How much does it cost to run for office in Uganda?

With party primaries already complete and elections scheduled for early 2021, it is important to consider the growing costs of running for election in Uganda.

New research, drawing on data from over 250 aspirants who ran with varying degrees of success for office in 2016, shows the average spending of a parliamentary candidate during the 2016 primary and general elections was UGX 465-million ($136 000). The overall costs were higher in western and central regions and consistently below the average in eastern and northern parts — a pattern that broadly reflects the distribution of poverty.

The outlay continues in office, with MPs spending on average UGX 32-million each month to meet constituent demands and obligations; more than their official monthly salary of UGX 30-million. 

Why does this matter? In every region, candidates who won spent more on average than those who did not, meaning many Ugandans — particularly women and young people — are increasingly excluded from running for office because they cannot afford it. This is despite Uganda having one of the world’s youngest populations.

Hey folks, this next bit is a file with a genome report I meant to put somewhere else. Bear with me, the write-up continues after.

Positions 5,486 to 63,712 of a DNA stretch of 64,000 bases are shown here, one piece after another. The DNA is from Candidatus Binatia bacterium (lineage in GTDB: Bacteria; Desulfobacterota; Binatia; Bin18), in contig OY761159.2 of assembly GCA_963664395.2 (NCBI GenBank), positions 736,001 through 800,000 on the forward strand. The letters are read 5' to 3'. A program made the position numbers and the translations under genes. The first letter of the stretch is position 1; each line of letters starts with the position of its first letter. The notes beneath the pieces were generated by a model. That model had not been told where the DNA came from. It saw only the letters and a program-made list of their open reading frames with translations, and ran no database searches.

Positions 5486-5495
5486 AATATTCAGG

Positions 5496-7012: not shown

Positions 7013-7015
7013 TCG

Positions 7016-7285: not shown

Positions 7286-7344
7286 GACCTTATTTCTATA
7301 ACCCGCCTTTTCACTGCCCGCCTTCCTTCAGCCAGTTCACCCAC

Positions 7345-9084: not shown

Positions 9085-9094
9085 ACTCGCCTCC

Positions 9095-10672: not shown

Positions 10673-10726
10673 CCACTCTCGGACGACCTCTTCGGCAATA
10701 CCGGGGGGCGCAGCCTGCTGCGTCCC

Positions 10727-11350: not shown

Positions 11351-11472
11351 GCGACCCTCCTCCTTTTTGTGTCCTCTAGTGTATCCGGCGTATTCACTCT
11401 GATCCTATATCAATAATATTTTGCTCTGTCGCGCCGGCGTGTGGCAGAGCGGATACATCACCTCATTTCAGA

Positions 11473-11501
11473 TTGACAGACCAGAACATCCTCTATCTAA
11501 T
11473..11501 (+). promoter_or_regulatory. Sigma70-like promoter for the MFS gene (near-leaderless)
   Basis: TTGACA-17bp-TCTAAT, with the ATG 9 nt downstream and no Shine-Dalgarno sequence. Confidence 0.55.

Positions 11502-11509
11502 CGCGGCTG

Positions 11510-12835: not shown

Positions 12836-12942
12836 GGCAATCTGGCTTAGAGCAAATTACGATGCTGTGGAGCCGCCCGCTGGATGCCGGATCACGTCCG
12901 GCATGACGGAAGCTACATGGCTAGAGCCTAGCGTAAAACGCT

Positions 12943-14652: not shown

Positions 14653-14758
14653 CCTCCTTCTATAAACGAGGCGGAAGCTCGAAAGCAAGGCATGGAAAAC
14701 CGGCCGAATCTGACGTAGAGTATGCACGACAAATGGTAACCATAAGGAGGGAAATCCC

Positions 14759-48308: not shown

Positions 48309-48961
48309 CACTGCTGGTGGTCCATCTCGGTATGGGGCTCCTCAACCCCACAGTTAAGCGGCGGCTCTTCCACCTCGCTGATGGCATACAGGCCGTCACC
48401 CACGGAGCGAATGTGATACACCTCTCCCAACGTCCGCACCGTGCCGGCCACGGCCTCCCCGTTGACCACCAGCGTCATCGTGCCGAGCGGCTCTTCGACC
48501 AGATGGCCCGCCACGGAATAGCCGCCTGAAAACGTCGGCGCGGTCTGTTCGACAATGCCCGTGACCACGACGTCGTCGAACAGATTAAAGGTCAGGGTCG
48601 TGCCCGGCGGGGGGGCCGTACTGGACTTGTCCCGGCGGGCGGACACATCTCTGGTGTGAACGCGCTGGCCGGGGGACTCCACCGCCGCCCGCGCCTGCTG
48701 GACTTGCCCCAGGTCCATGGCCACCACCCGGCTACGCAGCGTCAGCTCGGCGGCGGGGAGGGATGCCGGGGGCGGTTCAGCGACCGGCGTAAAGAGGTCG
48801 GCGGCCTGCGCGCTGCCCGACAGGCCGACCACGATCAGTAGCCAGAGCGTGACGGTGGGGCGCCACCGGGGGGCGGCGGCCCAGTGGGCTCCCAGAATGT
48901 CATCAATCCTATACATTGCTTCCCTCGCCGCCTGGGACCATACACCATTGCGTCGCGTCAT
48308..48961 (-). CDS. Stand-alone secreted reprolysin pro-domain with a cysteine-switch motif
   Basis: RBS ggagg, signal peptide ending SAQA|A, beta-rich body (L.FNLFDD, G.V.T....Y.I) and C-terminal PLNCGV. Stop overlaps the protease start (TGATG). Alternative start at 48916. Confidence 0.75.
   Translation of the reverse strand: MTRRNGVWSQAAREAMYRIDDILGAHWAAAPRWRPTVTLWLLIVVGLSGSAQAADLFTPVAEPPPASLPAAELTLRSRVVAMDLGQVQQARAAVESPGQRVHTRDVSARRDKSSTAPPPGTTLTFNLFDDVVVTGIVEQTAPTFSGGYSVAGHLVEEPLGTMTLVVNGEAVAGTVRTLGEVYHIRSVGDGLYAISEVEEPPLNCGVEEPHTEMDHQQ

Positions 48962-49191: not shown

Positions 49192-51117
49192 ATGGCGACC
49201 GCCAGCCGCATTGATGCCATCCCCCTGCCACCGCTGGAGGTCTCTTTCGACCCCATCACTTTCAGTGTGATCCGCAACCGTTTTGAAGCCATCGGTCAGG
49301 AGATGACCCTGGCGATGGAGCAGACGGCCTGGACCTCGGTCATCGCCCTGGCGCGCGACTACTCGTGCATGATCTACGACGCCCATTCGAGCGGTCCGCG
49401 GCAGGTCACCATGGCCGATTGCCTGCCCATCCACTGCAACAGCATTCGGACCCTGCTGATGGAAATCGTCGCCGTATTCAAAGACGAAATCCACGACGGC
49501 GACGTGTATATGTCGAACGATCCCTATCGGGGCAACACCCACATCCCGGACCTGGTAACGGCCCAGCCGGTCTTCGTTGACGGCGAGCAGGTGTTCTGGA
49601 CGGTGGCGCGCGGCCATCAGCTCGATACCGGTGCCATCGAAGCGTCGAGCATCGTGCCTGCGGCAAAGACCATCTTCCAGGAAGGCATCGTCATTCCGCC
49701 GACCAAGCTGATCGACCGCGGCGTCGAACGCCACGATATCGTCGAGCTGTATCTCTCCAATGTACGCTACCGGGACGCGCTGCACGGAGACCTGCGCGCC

In 2021 the cost of politics could rise further, despite the unique election environment, due to Covid-19. When asked, more than three-quarters of survey respondents said they would spend more when running again for office.

Several factors explain this: weak local government places the burden of service delivery on MPs; high and rising privileges for MPs; no effective oversight of campaign expenditure; low levels of voter education; and the way elections offer a chance to rise in the ruling party.

There are possible remedies that include promoting local accountability, tackling patriarchal politics, and strengthening the Electoral Commission’s ability to enforce regulations. But they will require sustained political will to enable Uganda to build a value- and policy-driven electoral system, not a monetary one. This is something that has not been in evidence during the recent party primary processes, which have indicated that Uganda’s 2021 election promises to be business as usual.

Emmanuel Kitamirike and Peter Kisaakye work for the Public Policy Institute in Kampala, Uganda. The research was funded by Westminster Foundation for Democracy and the Netherlands Institute for Multiparty Democracy

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Emmanuel Kitamirike
Emmanuel Kitamirike works for the Public Policy Institute in Kampala, Uganda
Peter Kisaakye
Peter Kisaakye works for the Public Policy Institute in Kampala, Uganda.

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